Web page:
Continue to harvest peppers and tomatoes and start keeping an eye out for possible frost.

Harvest herbs and store in a cool, dry place.

Clean out your vegetable garden once the plants have stopped producing. Remove any that were susceptible to disease and insects.

This month usually brings mild weather. Plant or transplant cool-weather crops such as beets, broccoli, cabbage, carrots, collards, lettuce, mustard, onions, radishes, spinach, and turnips.

With new transplants, be sure to water deeply (not lightly) every morning.

Add organic matter to all planting areas. Be sure there’s an inch-thick layer of mulch on your garden beds to control weeds.

Add leaves and organic material to your compost pile.

Cut back and remove old flower stalks from your annuals. Refertilizer them to encourage one more color before the winter.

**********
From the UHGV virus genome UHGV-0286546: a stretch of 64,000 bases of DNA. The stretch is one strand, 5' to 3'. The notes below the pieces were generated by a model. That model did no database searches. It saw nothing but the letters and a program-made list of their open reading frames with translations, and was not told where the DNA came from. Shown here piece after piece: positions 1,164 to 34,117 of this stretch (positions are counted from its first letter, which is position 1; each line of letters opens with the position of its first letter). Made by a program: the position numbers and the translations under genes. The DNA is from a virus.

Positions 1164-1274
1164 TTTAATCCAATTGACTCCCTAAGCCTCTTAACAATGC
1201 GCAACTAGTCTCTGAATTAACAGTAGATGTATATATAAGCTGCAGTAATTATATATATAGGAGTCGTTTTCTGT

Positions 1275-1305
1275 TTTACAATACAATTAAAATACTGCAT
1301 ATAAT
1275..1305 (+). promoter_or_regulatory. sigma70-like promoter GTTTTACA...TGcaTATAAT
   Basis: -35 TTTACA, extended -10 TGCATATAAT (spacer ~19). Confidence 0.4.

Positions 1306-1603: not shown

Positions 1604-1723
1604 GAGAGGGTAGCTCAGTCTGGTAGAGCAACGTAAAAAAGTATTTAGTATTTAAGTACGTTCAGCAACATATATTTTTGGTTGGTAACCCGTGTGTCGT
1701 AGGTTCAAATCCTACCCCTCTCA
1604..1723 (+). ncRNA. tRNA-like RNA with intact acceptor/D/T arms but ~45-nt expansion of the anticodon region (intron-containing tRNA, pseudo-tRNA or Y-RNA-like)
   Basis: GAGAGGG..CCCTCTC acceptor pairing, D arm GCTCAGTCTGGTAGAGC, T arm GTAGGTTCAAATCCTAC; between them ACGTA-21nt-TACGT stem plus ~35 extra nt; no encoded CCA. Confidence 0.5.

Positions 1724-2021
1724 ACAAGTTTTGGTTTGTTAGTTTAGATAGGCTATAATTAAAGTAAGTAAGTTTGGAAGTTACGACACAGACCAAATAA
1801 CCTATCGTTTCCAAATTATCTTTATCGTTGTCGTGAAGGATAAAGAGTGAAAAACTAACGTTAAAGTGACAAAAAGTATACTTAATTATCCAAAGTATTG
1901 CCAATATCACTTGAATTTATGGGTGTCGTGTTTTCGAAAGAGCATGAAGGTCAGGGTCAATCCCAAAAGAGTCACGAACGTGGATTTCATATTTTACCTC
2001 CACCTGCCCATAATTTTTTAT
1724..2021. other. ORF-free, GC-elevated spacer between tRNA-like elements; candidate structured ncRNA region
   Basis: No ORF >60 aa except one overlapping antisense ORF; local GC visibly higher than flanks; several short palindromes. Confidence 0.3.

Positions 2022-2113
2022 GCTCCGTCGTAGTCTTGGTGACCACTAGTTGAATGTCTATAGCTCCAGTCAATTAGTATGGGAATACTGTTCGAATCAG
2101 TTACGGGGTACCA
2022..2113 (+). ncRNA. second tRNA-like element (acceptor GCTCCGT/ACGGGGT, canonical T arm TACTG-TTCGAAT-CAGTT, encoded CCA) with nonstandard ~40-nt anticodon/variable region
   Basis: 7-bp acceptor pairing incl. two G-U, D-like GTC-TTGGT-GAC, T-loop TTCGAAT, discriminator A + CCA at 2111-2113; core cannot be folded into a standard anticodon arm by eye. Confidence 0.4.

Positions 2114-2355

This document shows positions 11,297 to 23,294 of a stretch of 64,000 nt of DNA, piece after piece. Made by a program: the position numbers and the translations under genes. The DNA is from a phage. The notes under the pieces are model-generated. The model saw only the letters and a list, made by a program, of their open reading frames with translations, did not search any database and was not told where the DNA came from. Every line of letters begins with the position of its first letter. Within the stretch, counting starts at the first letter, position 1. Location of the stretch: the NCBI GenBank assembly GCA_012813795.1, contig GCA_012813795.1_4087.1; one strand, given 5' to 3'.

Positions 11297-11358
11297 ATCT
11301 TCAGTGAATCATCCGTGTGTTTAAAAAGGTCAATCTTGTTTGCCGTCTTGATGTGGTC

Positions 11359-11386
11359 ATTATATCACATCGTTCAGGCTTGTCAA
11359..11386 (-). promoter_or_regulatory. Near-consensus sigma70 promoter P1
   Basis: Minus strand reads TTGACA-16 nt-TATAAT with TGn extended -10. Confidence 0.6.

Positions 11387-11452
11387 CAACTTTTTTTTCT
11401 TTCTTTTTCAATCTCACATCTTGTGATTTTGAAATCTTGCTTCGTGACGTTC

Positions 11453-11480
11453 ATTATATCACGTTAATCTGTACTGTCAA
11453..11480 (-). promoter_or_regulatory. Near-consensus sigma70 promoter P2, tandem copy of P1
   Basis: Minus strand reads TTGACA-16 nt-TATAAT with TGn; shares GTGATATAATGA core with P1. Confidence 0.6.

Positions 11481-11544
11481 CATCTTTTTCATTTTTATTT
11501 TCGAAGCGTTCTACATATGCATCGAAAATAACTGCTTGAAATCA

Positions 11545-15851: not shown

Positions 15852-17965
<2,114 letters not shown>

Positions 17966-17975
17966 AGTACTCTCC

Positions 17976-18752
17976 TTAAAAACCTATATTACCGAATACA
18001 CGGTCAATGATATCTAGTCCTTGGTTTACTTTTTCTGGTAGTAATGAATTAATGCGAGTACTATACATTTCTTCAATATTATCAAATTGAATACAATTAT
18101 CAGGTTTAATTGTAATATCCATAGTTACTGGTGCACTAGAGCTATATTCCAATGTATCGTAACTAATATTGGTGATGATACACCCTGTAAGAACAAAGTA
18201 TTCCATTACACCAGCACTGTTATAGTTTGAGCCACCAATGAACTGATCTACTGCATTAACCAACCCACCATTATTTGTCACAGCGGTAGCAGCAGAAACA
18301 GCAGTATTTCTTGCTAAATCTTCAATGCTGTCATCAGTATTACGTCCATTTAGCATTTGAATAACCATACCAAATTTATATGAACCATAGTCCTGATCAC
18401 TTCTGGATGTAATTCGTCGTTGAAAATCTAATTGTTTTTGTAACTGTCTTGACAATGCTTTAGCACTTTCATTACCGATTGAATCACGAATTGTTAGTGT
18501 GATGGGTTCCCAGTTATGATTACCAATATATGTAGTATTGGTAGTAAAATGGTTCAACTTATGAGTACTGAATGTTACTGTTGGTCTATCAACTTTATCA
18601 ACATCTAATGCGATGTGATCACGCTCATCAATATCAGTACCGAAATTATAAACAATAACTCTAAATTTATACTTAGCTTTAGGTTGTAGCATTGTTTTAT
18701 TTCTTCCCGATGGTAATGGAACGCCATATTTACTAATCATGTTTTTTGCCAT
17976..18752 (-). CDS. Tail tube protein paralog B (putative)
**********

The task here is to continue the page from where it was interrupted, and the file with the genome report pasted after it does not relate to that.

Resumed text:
Start preparing your flower beds for the planting of cool-season annuals.

Now is a good time to plant woody ornamentals because they have time to establish themselves before the spring.

Divide and replant perennials and bulbs that have become overcrowded or too large.

No more pruning your shrubs or trees, unless it is necessary. Pruning may encourage new growth to occur, which might be damaged during the winter.

Divide and replant crowded perennials. This is the last month to plant any new perennials and biennials.

Move your houseplants back indoors.

For healthy grass, avoid weed and feed products. Only apply herbicides to areas with weed infestations.

Fertilize lawns this month. Use a controlled-release nitrogen.